As we are seeing now the euro countries themselves, as they struggle to restore growth in Europe, are trying to solve the flaws in the Euro by deepening their political and economic ties, through a banking and fiscal union.

A Yes vote in this year’s referendum would take Scotland in the opposite direction. It would mean, by definition, the end of our current fiscal and banking union and weaken wider economic ties between Scotland and the rest of the UK. All of which would fatally undermine all the features which currently make our monetary union work.

UK ‘can stand behind any bank in trouble’

Banking union is necessary to deal swiftly and effectively with problems that arise in any bank in the currency union. The UK can stand behind any bank which gets into trouble, as we saw when the Royal Bank of Scotland and the Bank of Scotland got into very serious difficulties and the UK government was able to step in swiftly.

Fiscal sharing is vital so that taxpayer resources can move on an equitable basis to support areas which face problems paying pensions, tackling unemployment or investing in public services.

The UK delivers all these things for us today. None of us wants to lose any of this, but independence would break the political union which makes it all possible. If we were two separate countries there could not be an unquestioning commitment from both to stand behind a bank that gets into trouble.

Similarly, separation would put an end to today’s guaranteed fiscal sharing - even as they argue for a currency union, the SNP go out of their way to emphasise they will not share tax and spending with the rest of the country.

So a Euro-style monetary union between an independent Scotland and the rest of the UK would mean Scotland would have to live with an economic policy not suited to Scotland, with a direct impact on Scottish jobs and growth. It would involve simply unacceptable fiscal and economic risks for the rest of the UK. And interest rates would be higher in the UK and Scotland as a result.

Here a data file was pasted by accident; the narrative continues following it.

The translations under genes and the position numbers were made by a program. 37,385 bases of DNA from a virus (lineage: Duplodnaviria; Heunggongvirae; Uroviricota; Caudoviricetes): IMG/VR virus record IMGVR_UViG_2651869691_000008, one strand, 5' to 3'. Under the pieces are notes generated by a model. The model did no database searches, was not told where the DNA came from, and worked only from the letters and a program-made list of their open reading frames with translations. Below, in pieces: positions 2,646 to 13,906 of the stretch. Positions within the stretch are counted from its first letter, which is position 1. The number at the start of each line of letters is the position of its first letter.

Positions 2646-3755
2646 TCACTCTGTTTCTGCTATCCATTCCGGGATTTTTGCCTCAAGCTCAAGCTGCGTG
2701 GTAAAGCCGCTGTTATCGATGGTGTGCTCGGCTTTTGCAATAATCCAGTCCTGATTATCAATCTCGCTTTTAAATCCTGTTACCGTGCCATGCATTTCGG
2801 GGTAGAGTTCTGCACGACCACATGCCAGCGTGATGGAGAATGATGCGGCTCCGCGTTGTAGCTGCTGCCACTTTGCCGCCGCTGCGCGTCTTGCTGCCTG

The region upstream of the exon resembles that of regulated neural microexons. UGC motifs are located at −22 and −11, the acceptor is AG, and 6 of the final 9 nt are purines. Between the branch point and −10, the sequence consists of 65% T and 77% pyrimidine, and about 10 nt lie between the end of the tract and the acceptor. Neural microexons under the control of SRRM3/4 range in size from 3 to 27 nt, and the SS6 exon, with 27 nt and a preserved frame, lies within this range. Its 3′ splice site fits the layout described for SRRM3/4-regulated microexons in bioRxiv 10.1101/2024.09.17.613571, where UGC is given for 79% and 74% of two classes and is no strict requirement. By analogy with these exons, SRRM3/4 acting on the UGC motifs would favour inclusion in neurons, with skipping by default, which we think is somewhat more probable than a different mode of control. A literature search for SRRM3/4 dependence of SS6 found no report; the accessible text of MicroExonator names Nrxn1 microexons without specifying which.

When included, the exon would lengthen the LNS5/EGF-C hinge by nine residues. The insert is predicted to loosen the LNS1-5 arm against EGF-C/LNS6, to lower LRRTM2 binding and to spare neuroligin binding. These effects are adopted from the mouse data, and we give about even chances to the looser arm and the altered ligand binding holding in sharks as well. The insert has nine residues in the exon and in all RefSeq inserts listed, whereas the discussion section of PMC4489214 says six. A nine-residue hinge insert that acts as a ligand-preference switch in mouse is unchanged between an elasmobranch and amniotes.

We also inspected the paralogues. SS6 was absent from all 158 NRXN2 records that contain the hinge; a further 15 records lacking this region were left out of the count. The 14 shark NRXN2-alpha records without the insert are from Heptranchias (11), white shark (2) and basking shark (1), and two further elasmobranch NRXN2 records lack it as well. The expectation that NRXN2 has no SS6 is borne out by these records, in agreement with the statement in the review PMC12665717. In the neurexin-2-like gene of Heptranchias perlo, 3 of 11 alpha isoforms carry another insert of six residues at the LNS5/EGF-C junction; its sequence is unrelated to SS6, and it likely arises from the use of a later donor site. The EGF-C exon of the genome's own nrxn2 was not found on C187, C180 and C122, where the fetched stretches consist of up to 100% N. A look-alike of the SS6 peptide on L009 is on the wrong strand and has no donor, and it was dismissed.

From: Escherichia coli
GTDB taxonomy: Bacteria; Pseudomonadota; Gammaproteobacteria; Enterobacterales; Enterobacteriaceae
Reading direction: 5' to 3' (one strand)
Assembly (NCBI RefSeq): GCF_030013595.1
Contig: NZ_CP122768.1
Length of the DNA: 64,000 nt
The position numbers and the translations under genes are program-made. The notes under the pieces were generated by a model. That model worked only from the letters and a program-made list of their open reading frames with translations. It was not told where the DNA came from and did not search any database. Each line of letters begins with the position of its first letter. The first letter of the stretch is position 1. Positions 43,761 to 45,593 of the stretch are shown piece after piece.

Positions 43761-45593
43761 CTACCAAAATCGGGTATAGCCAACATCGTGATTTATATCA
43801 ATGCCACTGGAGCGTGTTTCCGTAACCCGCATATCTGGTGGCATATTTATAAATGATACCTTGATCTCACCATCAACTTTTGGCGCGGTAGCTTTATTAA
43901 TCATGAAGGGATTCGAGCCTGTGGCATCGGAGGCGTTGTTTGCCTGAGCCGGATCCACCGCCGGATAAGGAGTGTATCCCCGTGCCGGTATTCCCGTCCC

Currency union ‘cannot work’

All this analysis tells us that a currency union between the UK and a separate Scotland cannot work, will be unstable and bad for both a separate Scotland and the rest of the UK. And having helped to keep the UK out of the Euro I cannot import in to the UK the sort of problems which the Eurozone has faced.

I want Scotland to stay in the UK. But if Scotland were to vote to break away, then I do not believe a currency union would be in the interests of either an independent Scotland or the rest of the UK.

And as Chancellor in a UK Labour government after the general election, I simply could not support or recommend to Parliament that we form a currency union with a separate Scotland.

Looking at the economics of this, it’s the only conclusion I can reach. A currency union between an independent Scotland and the rest of the UK is not going to happen.

So I hope the Scottish people vote to stay part of the UK. But if Scotland votes to break away they will be voting to leave both the fiscal and currency union that we now have - and which has worked to the benefit of all.

Alex Salmond must now come clean and explain to the Scottish people what currency an independent Scotland would have. It is the most fundamental economic question a country has to decide. The troubled experience of the euro over the last decade shows why it’s so vital to get this right.